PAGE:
I look forward to this race, like a boxer might look forward to a warm up bout with a tough opponent before the big event. It may be brutal, you are bound to take a few blows, just how many one cannot be certain, and learning never to under estimate an opponent is critical.
A few days before the race when Sam asked what to wear I joked that I would wear my Yoda jammies for the nighttime race. I don't actually have Yoda jammies, though I do have a cotton Yoda shirt, a gift from my sister. Being a silly the Yoda shirt ended up getting worn. Jeff Lamora asked if this was a Coolmax Yoda shirt, and thought as a physician that I should know better than to wear cotton for a trail run with some cold sections. Looking at my shiny new shoes Phil Lowery asked if I liked my Vasque Velocity shoes. I told him that I didn't really have an opinion as I hadn't yet worn them yet. My most questionable move was not replacing the batteries in my headlamp. I had a long day at work starting around 6:30 AM, and getting home at 7:00 PM. As I raced around gathering gels, water bottles, and finding my Yoda shirt, I seriously thought about which headlamp to take. I decided on the Petzl Myo XP, really a great light. The batteries must have been changed since I used it at Wasatch last year. I hadn't changed the batteries.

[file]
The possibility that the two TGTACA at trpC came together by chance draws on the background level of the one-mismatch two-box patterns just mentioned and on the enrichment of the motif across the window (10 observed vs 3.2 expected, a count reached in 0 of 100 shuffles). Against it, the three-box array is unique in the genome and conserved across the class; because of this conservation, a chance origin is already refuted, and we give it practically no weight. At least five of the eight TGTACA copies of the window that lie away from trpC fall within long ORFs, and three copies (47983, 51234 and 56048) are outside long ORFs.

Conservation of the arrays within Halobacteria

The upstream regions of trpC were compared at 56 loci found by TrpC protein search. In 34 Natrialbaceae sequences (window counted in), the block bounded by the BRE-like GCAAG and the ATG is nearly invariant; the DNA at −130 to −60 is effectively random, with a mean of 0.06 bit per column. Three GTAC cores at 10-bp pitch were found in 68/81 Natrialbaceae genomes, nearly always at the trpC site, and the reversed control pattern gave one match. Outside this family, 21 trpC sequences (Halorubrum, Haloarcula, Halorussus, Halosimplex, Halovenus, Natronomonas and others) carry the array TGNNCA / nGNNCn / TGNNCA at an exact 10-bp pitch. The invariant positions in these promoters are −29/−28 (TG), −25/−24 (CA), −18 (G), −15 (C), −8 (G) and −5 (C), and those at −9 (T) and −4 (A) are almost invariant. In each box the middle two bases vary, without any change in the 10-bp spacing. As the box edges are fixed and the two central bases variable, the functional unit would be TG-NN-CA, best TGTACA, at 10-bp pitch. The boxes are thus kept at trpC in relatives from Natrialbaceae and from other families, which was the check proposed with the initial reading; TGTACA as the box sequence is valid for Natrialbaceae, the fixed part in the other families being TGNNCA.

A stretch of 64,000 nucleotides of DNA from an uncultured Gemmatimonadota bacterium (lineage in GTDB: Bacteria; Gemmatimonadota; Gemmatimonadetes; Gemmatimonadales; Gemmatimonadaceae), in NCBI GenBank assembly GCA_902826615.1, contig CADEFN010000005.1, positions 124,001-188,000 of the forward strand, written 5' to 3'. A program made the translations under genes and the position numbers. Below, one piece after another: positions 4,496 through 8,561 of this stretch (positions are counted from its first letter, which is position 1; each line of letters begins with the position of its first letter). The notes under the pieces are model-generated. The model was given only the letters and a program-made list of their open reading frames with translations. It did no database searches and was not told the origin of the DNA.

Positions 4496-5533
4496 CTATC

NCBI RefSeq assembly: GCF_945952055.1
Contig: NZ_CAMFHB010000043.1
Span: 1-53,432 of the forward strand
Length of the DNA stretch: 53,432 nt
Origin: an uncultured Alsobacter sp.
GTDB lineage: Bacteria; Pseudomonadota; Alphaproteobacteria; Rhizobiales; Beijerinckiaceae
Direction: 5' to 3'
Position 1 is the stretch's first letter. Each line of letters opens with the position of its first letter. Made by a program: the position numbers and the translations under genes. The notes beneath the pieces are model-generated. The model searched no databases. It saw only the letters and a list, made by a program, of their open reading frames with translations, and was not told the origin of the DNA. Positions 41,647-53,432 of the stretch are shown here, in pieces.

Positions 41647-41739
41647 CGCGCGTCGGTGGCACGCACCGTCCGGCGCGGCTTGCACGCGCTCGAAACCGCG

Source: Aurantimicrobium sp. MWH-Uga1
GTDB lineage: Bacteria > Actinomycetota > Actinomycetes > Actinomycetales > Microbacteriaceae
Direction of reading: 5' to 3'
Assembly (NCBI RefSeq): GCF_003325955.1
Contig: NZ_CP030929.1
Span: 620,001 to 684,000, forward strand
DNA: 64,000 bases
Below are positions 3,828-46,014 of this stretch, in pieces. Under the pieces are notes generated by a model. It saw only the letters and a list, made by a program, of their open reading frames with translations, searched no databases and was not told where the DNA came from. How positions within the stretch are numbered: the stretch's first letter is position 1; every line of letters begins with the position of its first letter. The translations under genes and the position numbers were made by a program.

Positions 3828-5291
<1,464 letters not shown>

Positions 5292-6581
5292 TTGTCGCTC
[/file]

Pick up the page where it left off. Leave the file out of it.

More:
Christian and I talked a little about staying together. This is after all is a "training run", not a race. I told Christian not to let me hold him back and to go ahead and take off and win the damn thing. We ran together for the first mile, before I dropped back. I don't think he knew that I wasn't with him as David Hayes was running right behind him. It was about this time that I knew I was in trouble with lighting. Sam and Brian were running behind me, and I was running in my own shadow from their lights with a dull small disc of light in front of me. The tell-tale flash indicator on my light indicating 90% of the battery life was used up flashed. The moonlight however was intense as we came up to the Wasatch Crest, I was able to turn off my light and climb by the moonlight several times. Sam seemed to get a surge of energy and took off ahead of us as we climbed towards the Crest. We wouldn't catch-up to Sam for another 10 miles. 3 or 4 other runners caught and passed Brian and me. We kept a conservative pace knowing that this is a long course.